The Darr Family’s Journey with Sensory Processing Disorder

Denver mom Mandy Darr shares her family’s story of living with sensory processing disorder.

Photo courtesy of the Darr family.

When Elijah Darr was born, his parents knew something was wrong. For the first three days of his life, he wouldn’t stop crying. But it wasn’t until a year and a half later that the Darr family were given an explanation on what was wrong with their son. Elijah was diagnosed with SPD, sensory processing disorder. “Elijah’s diagnosis came as a tremendous relief. It was like a breadth of fresh air. We could finally put a name to the struggle, the unbelievable difficulty we’ve been having with him medically and behaviorally since the very moment he was born,” says Mandy Darr, Elijah’s mother.

SPD is a disorder of the brain that affects children and adults. A genetic disorder in many cases, SPD impacts the brain-body process, otherwise known as sensory processing. How a person interacts with their environment, perceives the world, and understands physical and mental sensation are all part of sensory processing.

According to Darr, a major part of navigating SPD with her children was establishing their sensory preferences. “All of us have sensory preferences and differences. We lie somewhere on a continuum of what feels most comfortable to us,” she says. “A mom is driving a car down the road and she turns down the radio to pay more attention to her driving. That could be an example of anyone having a sensory preference in that moment.”

Elijah, now eight years old, is the third of four children in the family. Since his diagnosis, it’s been established that his older brother Isaiah, 13, and their dad also have SPD.

The STAR Institute, an organization located in Centennial dedicated to treating, educating, and researching sensory health, was a key contributor in helping the Darr’s understand SPD, as well as educate the parents on how best to support their children. “Their perspective is that you change. You change the way you live in order to set {individuals with SPD} up for success. Not just going to a once-a-week therapy.”

“Their own ability to advocate for themselves and participate in things we never thought possible for them has become a reality.” Isaiah competes as an elite figure skater and Elijah participates in team sports. “I never imagined my child would ever be able to participate in an organized sport with other kids, but he is.”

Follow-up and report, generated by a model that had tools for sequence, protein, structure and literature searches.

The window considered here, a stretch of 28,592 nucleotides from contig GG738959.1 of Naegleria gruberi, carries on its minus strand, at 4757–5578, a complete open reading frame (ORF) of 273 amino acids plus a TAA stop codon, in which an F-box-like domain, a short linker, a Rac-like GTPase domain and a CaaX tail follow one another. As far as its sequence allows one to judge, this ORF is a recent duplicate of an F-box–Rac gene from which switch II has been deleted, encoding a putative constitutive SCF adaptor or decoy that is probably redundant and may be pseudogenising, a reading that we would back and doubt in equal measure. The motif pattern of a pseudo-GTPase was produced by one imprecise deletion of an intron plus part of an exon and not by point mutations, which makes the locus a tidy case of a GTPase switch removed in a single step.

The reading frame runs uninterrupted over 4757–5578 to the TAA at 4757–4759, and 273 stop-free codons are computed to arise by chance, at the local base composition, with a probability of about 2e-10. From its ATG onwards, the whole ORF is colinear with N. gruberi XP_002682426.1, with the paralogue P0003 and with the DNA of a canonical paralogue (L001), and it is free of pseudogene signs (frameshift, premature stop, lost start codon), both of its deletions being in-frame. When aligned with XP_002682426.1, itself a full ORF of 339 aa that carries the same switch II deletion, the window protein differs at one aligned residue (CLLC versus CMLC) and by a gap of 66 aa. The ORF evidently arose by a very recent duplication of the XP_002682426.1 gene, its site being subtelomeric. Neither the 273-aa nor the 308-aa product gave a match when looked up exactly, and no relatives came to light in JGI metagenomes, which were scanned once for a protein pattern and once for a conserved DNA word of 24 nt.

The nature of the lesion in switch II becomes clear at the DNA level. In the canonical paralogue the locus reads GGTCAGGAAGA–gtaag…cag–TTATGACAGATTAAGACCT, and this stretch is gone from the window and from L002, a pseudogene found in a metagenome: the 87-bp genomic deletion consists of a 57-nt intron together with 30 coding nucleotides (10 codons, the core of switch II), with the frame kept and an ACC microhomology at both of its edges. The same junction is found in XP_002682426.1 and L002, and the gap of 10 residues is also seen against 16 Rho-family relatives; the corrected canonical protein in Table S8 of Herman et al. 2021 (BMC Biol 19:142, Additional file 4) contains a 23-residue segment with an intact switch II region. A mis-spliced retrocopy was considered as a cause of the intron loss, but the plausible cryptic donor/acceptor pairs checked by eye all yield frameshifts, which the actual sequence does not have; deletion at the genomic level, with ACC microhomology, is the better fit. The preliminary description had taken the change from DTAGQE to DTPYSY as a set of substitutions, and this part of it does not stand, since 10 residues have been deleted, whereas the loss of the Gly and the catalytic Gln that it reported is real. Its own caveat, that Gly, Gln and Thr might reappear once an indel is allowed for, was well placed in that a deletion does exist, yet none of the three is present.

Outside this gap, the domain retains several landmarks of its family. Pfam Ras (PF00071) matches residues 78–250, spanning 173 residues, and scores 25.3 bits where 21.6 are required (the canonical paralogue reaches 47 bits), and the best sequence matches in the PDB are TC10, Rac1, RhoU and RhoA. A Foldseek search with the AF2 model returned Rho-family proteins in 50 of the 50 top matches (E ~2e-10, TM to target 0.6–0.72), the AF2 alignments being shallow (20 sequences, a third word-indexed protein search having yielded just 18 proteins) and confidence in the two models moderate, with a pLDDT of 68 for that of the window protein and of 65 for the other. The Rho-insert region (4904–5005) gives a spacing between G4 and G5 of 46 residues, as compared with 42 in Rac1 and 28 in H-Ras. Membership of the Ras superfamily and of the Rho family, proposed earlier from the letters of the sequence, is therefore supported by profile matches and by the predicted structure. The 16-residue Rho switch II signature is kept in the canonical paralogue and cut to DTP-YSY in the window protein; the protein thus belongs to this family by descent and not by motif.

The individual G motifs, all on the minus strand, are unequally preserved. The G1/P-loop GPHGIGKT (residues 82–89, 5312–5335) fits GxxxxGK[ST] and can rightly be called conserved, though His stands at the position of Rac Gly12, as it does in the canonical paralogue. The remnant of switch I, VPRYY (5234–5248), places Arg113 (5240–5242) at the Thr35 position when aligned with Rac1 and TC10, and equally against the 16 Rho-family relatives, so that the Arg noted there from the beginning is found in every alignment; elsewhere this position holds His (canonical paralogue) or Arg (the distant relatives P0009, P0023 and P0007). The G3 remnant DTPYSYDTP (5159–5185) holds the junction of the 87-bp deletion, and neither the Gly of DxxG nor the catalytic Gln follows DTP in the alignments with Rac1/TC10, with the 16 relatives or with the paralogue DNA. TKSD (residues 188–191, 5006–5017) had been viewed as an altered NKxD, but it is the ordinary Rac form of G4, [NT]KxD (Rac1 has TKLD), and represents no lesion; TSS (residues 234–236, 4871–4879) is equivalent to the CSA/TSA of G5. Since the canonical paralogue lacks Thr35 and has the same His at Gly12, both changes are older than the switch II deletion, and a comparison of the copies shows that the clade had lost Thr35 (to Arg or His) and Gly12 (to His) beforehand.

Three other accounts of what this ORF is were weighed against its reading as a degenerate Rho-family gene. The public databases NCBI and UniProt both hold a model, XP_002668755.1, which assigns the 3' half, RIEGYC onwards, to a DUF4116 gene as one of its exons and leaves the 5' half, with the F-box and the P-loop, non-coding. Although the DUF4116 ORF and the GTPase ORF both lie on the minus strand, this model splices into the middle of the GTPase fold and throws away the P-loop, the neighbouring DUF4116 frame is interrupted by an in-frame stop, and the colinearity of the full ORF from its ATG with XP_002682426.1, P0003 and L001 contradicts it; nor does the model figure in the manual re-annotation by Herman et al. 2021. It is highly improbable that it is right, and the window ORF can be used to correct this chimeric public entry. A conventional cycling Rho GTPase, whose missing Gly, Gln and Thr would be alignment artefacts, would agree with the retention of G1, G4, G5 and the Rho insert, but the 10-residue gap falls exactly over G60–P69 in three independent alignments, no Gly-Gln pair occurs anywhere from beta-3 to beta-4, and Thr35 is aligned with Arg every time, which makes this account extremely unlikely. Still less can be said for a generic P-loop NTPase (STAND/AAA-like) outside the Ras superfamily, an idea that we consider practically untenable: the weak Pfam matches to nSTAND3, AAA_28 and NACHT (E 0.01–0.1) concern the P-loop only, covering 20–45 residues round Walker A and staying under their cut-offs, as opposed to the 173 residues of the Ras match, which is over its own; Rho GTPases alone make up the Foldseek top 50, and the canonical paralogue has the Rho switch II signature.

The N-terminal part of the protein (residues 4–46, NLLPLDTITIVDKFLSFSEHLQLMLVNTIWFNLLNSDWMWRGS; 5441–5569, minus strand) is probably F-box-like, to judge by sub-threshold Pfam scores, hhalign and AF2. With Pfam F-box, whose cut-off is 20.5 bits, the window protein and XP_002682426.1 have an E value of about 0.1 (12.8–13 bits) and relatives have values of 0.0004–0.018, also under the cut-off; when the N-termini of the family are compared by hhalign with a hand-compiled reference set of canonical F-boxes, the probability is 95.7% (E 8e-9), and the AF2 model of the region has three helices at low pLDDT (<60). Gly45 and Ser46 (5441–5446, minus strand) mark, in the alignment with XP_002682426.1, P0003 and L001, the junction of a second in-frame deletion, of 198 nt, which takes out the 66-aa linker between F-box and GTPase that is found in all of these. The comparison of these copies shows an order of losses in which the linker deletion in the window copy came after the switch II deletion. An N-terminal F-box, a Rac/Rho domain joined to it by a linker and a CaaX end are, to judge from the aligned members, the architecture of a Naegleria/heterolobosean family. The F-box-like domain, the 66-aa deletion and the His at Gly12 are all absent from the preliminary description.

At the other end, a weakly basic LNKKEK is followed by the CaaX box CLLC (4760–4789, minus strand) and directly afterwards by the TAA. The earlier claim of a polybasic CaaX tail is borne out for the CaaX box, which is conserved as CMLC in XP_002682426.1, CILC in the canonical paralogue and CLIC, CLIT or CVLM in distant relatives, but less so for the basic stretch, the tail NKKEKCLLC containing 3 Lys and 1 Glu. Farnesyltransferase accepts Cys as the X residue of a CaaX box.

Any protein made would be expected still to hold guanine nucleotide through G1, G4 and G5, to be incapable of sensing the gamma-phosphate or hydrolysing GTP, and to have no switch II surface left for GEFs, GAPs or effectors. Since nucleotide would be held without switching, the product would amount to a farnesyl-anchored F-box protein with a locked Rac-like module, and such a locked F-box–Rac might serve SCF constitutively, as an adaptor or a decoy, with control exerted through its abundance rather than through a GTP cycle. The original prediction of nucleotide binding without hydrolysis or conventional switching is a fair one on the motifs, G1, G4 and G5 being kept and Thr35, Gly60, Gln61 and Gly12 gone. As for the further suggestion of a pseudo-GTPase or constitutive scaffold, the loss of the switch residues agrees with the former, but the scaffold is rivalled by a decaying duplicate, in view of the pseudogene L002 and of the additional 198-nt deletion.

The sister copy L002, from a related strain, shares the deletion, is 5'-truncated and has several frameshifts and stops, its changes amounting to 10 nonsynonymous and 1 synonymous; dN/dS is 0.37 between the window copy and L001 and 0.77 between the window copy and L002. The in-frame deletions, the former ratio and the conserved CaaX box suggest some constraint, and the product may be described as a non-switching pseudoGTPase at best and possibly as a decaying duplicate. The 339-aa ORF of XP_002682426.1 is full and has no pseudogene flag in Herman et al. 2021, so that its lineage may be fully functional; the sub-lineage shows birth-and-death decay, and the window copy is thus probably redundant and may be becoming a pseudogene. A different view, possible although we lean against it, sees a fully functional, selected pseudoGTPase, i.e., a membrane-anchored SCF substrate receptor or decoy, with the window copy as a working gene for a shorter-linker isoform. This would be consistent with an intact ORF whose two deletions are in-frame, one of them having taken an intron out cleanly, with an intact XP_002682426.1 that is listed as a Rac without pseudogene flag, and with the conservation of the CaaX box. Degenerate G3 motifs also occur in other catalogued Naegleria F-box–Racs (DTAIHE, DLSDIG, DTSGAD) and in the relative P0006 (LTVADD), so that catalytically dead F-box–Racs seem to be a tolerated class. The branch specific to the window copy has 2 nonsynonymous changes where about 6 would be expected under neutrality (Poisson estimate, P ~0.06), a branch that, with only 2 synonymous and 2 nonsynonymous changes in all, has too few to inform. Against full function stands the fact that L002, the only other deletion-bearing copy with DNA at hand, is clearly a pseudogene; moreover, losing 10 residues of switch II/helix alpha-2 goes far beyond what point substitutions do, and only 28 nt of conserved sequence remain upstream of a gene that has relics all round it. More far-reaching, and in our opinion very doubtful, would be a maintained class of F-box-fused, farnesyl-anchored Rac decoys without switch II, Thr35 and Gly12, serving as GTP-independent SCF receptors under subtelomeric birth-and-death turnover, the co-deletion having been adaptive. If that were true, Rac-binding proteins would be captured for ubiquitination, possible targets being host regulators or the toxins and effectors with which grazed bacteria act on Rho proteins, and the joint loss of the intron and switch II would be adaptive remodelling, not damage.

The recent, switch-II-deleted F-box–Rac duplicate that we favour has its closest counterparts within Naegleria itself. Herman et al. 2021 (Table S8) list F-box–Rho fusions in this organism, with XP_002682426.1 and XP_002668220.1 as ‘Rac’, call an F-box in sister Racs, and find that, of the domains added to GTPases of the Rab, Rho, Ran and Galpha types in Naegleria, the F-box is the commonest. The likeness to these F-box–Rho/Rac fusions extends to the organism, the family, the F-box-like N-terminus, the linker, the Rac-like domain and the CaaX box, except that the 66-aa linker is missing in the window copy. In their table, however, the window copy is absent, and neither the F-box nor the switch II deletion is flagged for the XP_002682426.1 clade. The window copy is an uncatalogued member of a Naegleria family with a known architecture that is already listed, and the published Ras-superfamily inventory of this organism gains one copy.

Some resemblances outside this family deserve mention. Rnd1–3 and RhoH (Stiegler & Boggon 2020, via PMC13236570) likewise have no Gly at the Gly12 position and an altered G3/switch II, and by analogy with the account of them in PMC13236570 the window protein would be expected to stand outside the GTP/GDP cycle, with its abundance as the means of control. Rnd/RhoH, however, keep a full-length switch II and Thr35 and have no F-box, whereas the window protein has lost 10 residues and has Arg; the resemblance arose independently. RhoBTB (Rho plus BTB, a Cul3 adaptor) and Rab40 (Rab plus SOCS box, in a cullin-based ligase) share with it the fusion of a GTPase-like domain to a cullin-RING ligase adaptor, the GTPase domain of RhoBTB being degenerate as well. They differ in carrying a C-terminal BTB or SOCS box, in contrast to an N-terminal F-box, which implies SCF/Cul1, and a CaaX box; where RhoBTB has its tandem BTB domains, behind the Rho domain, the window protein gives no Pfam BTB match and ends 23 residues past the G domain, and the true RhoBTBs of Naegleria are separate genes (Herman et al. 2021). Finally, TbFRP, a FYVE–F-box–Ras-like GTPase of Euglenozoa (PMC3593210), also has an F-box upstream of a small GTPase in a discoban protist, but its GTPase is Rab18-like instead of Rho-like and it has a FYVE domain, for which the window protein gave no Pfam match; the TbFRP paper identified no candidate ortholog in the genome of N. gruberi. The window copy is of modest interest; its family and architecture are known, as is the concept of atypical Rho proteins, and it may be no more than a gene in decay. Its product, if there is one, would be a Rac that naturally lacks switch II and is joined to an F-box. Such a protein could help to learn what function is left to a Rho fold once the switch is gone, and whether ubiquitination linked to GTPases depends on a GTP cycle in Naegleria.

Photo courtesy of the Darr family.

Caregiver Tips

Here are some helpful tips if you’re going through something similar. Remember, you’re not alone. Connect with other people who have been through the experience as well.

  1. Listen to the individual with SPD and really try to understand their body and their experience. Try to get the information directly from the source, how they’re doing, how they’re feeling, what they’re needing at the time.
  2. As a parent, you know when something is wrong with your child. Follow your instinct if something seems off and connect with people who have been through the same type of experiences.
  3. Educate yourself as the caregiver and alter your lifestyle. “We’ve changed how we operate as an entire family. That has led to greater success. We have changed how we live every day, not just gone for a once-a-week therapy,” says mom Mandy Darr.
  4. [Things are] constantly changing. As soon as we get into a routine, the child or person with SPD will change. So, your systems and adaptations have to change with them. That’s something I wish I had known. As soon as we were doing good, then all of a sudden, my son’s falling apart again. You don’t expect it to change, and then a year goes by. Be willing to go back to the drawing board.
  5. “You’re not along, so connect with other people who have been through that experience.”
  6. “Listen to the individual {with SPD} and really try to read and understand their body and their experience. Try to get the information directly from the source, how their doing, how feeling, what they’re needing at the time.”
  7. “As a parent, you know when somethings wrong. Follow your instinct if something seems wrong and try to connect with people who have been through the same type of experiences.”
  8. “Educate yourself as the caregiver. We’ve changed how we operate as an entire family. That has led to greater success. We have changed how we live every day, not just gone for a once-a-week therapy.”
  9. “It’s constantly changing. As soon as we get into a routine, the child or person with SPD will change. So, your systems and adaptations have to change with them. That’s something I wish I had known. As soon as we were doing good, then all of a sudden, my son’s falling apart again. You don’t expect it to change, and then a year goes by. Be willing to go back to the drawing board.”